Yay or Nay? Top 7 Love Helpers
Experts sound off on old and new ideas meant to spice up romance.
Feb. 12, 2010— -- People who feel fed up with advertisements for chocolates and flowers this week may find comfort looking back to the long and often disgusting history of marketing romance.
Long before Valentine's Day came into being, purported love potions and aphrodisiacs -- everything from shellfish to toads -- were bought and sold to a captive market.
ABC News turned to sexual health experts to see if any of the past and present secrets to romance had any merit.
The following is the top seven innovative and classic love-inspiring products, old and new, and -- before you run out to try them -- our experts' opinions.
New for Valentine's Day 2010, someone has finally invented what they call male "enhancement" in gum form.
Sold as a "supplement," and ,therefore, not tested for efficacy by the U.S. Food and Drug Administration, Sexlets Gum is supposed to be chewed three times a day as a libido booster.
"It promotes the blood flow. It may help with more endurance, more stamina," said Tommy Babil, partner of Future Lifestyles, LLC, maker of Sexlets Gum.
"We don't want to make any claims, it's not meant to cure or treat. If there is a problem, go to a doctor," said Babil.
Babil said his company filled the berry-flavored gum with so many herbal supplements that they had to change the consistency of the gum. Rather than being instantly chewy, the gum breaks into a powder and then reforms into gum as you keep chewing.
But experts in sexual health and male function were not impressed by most of the nine herbs and supplements, including vitamin E and orchic powder, which is made from ground up animal testicles.
"I don't know how good they would taste, but it's probably safe and it's probably a big placebo effect," said Dr. Karen Boyle, of Chesapeake Urology Associates at Greater Baltimore Medical Center (GBMC).
Boyle pointed to two ingredients that may have some minor effect for some men: ginseng and yohimbe tree bark.
"We do know that yohimbe does improve blood flow to the genitals," said Boyle. "Vitamin E can help with overall circulatory health, but not necessarily genital health."
"There is a lot of zinc in oysters and zinc, as a supplement, has been discussed as to improve testosterone production," said Boyle. "But the other reason why is the texture and the quality of the oyster -- people have thought it suggests the vagina."
But for a long-term libido boosting strategy, oysters fall short both in price and practicality, experts say.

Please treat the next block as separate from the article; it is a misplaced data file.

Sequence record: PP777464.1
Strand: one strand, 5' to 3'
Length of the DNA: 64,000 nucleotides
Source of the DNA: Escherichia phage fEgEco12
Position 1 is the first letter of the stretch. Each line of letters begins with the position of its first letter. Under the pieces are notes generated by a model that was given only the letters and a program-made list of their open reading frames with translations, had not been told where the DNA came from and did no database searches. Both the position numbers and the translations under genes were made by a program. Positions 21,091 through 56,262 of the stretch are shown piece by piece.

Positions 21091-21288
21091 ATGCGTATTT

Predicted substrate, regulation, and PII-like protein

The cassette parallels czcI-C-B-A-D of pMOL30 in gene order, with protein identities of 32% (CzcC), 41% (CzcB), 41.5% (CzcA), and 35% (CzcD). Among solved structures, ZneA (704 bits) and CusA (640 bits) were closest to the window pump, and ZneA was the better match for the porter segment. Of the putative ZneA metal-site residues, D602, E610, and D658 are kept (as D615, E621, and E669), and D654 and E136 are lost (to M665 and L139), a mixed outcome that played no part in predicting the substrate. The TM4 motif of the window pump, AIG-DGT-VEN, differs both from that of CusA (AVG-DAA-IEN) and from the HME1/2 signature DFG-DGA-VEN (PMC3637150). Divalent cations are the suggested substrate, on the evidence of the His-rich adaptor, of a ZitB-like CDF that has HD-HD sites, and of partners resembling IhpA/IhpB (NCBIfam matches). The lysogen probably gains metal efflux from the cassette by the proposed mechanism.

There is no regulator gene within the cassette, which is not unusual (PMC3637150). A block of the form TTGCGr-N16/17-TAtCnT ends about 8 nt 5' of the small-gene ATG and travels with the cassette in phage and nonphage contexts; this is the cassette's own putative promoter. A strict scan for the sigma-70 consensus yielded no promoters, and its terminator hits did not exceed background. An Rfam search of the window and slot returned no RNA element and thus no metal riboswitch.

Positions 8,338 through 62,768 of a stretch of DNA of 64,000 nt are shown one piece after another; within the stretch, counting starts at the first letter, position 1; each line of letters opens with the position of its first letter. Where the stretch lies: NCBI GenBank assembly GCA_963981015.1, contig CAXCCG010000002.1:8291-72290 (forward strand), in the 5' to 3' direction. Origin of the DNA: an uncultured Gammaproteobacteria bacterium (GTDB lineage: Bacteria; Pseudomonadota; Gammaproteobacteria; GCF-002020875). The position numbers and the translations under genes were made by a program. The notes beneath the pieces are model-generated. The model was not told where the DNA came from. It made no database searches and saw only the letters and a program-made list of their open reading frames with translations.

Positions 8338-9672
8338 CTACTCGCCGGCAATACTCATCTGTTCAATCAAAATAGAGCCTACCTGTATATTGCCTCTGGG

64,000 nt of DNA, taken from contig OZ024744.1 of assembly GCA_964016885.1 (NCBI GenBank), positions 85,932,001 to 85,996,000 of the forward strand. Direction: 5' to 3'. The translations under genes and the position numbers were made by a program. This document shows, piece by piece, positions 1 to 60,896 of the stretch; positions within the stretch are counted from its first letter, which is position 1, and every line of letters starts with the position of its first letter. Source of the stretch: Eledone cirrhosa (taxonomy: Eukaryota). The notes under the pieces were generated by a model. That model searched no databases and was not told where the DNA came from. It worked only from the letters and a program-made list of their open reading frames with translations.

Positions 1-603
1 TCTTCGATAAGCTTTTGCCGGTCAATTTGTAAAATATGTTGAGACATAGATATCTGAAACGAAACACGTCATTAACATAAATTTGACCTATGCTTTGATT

More often, people may turn to spicy food and hot peppers, which Boyle says, could increase endorphins because of a chemical in chili peppers called capsaicin.
"Capsaicin can stimulate nerve endings to release chemicals … it can increase the heart rate, and there's a question that it can release endorphins and give you a natural high," said Boyle.
But Dr. Irwin Goldstein, editor-in-chief of the Journal of Sexual Medicine, has only one food suggestion for couples: the Mediterranean diet.
The Mediterranean diet includes mostly fruits, vegetables, fish and whole grains according to the Mayo Clinic.
Goldstein said the so-called Western diet, which is full of highly-processed grains and meat, leads to a series of health problems that can affect one's sex life: metabolic syndrome, obesity, high cholesterol and even erectile dysfunction.
On the other hand, Goldstein said the Mediterranean diet helps the body's circulation, and therefore, the person's love life.
"The best Valentine's gift would be an evening dinner that is constructed of Mediterranean diet components," said Goldstein.
"Research has shown that women who exercise regularly have a more active sex life and are easily aroused," said Boyle. "Why is that? Is that because they feel better about their bodies? Is it because of the endorphins, is it because they have more energy?"
Boyle didn't know the answer. But however it works, doctors say trips to the gym pay off, and not just for women.
"Sedentary lifestyles are associated with erectile dysfunction," said Goldstein.
Goldstein recommended most kinds of exercise to help you next Valentine's Day, except for one: biking.
"Running, jogging, tennis, racquetball and swimming are all pro-sexual and beneficial," said Goldstein. "Against that trend, bicycle riding, is very deleterious to male and female sexual health because it's very harsh on the [groin area]."
"A lot of my patients don't want to go to the doctor. They don't want to think there's something wrong with them," said Boyle.